The jocularity of the event didn’t last long, as two weeks later another article was published in the Volante that described a certain student who was blatantly ignoring the rules. The student body called for the punishment of the student, which led to an article that detailed the suspension of five students who brutishly and publicly tried to bring the student to heel in accordance with the rules set up for the freshmen class. A week after the first article detailing the suspensions was released, a follow up of the proceedings were published and detailed further what had caused the suspensions. As well as they would enforce the student’s suspensions until January 6, 1914, when they would be able to return to classes at the university.

The poster and volante are now on display in the archives for a limited time so stop in and read about the events that freshmen today no longer have to fear.

 

Black Friday Poster. USD Archive Oversize Material: Photographs—USD Panoramas.

The Volante. Vol. 27-30. May 1913 – July 1916.

1915 Coyote. Pg. 229

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The first week of May everyone on campus was cramming for finals and preparing for summer. I was in the same boat as everyone else, cramming for finals and preparing to head home for a week. It was within that week that I was informed that a position in the archives was open and I quickly put in an application. It wasn’t until the next week, while I was at home that I heard anything on the job, and through email correspondence I set up an interview time for the following week. As the interview came and went I felt very positive about the prospect and possibility of receiving a job within the archives, and before the week was up I had a new job in the archives.

The following week after accepting the job offer, my struggle was real and the twister of life sucked me up and dropped me into the land of archives (once all my paper work was in order). From that first week up to now it has been an adventure, somethings such as phase boxes and photo copying take longer than others and aren’t to entirely glamorous. The staff in the archives are some of the friendliest and nicest people I have had the experience to work with. Doris is always ready to help answer my question and direct me in the right direction.

As time continues I feel that much like the scavenger hunt I completed at the beginning of my time here in the archives, some tasks will be easier while others I will struggle my way through. Yet at the end of the day I know that this is only the beginning of my adventures here in the archives.

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IMG_0300Well, this is it.

It’s my last day.

Today I get to turn in my key, submit my last time sheet, and clean up all my files on the computer, and I have to take home my sweater, wrist warmers, blanket, and refillable Einstein Bros. coffee mug . . .  plus say goodbye to probably the coolest job ever and all the wonderful people I’ve worked with.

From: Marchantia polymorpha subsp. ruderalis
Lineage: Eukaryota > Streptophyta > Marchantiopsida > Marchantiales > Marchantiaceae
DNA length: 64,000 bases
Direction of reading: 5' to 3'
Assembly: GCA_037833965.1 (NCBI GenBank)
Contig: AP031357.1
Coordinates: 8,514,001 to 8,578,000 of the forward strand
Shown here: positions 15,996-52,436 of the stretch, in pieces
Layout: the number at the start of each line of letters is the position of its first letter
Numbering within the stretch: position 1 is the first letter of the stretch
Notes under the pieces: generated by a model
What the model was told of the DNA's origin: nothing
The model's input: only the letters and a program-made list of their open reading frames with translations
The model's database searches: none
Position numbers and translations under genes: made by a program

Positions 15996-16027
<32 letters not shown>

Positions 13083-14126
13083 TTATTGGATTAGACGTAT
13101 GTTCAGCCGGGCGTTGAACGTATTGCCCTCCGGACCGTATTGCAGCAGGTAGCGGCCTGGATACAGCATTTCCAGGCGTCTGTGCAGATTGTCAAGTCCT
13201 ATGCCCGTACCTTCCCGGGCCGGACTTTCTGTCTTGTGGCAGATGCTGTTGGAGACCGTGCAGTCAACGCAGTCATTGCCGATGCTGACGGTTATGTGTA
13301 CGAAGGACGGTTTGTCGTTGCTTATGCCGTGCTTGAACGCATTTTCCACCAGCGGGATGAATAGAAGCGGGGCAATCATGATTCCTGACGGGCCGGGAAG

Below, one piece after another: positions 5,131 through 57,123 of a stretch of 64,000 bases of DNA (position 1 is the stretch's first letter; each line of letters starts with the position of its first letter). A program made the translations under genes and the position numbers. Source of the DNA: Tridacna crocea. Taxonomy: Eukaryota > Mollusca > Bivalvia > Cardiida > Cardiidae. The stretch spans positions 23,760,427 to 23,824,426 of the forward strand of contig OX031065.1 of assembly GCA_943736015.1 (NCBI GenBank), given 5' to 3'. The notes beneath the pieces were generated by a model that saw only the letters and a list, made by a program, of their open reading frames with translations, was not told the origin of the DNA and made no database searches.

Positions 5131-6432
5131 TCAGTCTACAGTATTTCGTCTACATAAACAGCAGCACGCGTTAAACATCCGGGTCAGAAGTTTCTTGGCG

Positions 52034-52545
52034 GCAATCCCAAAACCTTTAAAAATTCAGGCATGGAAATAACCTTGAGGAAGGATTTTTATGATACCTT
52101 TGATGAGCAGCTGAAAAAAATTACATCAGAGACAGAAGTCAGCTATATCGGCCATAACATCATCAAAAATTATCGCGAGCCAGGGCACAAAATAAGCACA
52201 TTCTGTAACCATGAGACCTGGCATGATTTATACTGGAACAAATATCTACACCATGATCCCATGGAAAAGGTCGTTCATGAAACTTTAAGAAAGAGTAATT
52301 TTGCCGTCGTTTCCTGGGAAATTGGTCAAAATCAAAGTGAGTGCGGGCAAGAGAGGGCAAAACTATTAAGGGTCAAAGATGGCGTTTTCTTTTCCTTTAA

The Archives and Special Collections has been an oasis for me through the grueling voyage of undergrad – tucked in the corner of the library, above the crowded sidewalks and away from the drama and stress of school.

I started here the summer after my sophomore year, after miserably spending the previous summer as a waitress. I began as a temporary hire for Sarah, allotted 120 hours to put in basically whenever, doing a lot of photo identification and negative-sleeve making. But I also got to work with Jim Legg’s collection of slides from Wounded Knee during the volatility of the 1970s (wow!).

When the fall semester started, Doris adopted me from Sarah. I began to make box labels instead of negative sleeves, pull boxes for patrons, make inventory lists of incoming collections, take the recycling down, and pick up the mail. Sure, a lot of my job involved removing rusty staples (yes, my tetanus shots are up-to-date), spending hours at the temperamental photocopy machine, and leafing through old Volante newspapers or yearbooks for an answer to a patron’s question.

 

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However, I did some pretty amazing things here, too. Simply working with the Mahoney Music Collection was a dream! – how did my two favorite things in the world, books and music, end up combined in the back of the USD library? Though I couldn’t work exclusively with this collection, there was almost always a little project with it to satiate me. Writing press releases, creating a LibGuide, managing the website records, creating little exhibits, helping patrons, and writing blog posts were just a few things. I was invited to just go back and browse the stacks if I wanted, to get to know the books, and I got to correspond with the donor, Dr. John P. Mahoney, and even meet him this summer! I met a lot of great books, too. And who knows?  – maybe I’ll be back in a few years to do my own research with the collection.

 

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The archives have forever changed me. Now I can’t bring myself to use staples or tape on anything, and I have a mission to preserve all my photos in acid-free paper. I learned so much that I don’t think I can fit it all on a résumé. And, thanks to Sarah, I’ll never be able to listen to Kishi Bashi or Van Morrison without nostalgia of the archives. I will sorely miss everything and everyone here – how did I get so lucky?

So what’s next? I have a couple more days in sunny Vermillion, then it’s off to Ohio, where I’ll be attending grad school for my master’s degree in music performance at Kent State (they have an Einstein Bros. too, so the mug comes with!).

 

 

P.S. For the record: I never got the lights turned off on me in the back room. Once the power went out when I was back there, though, and the terrifying flickering before tipped me off.

 

 

P.P.S. And my desk piggy’s coming, too! 🙂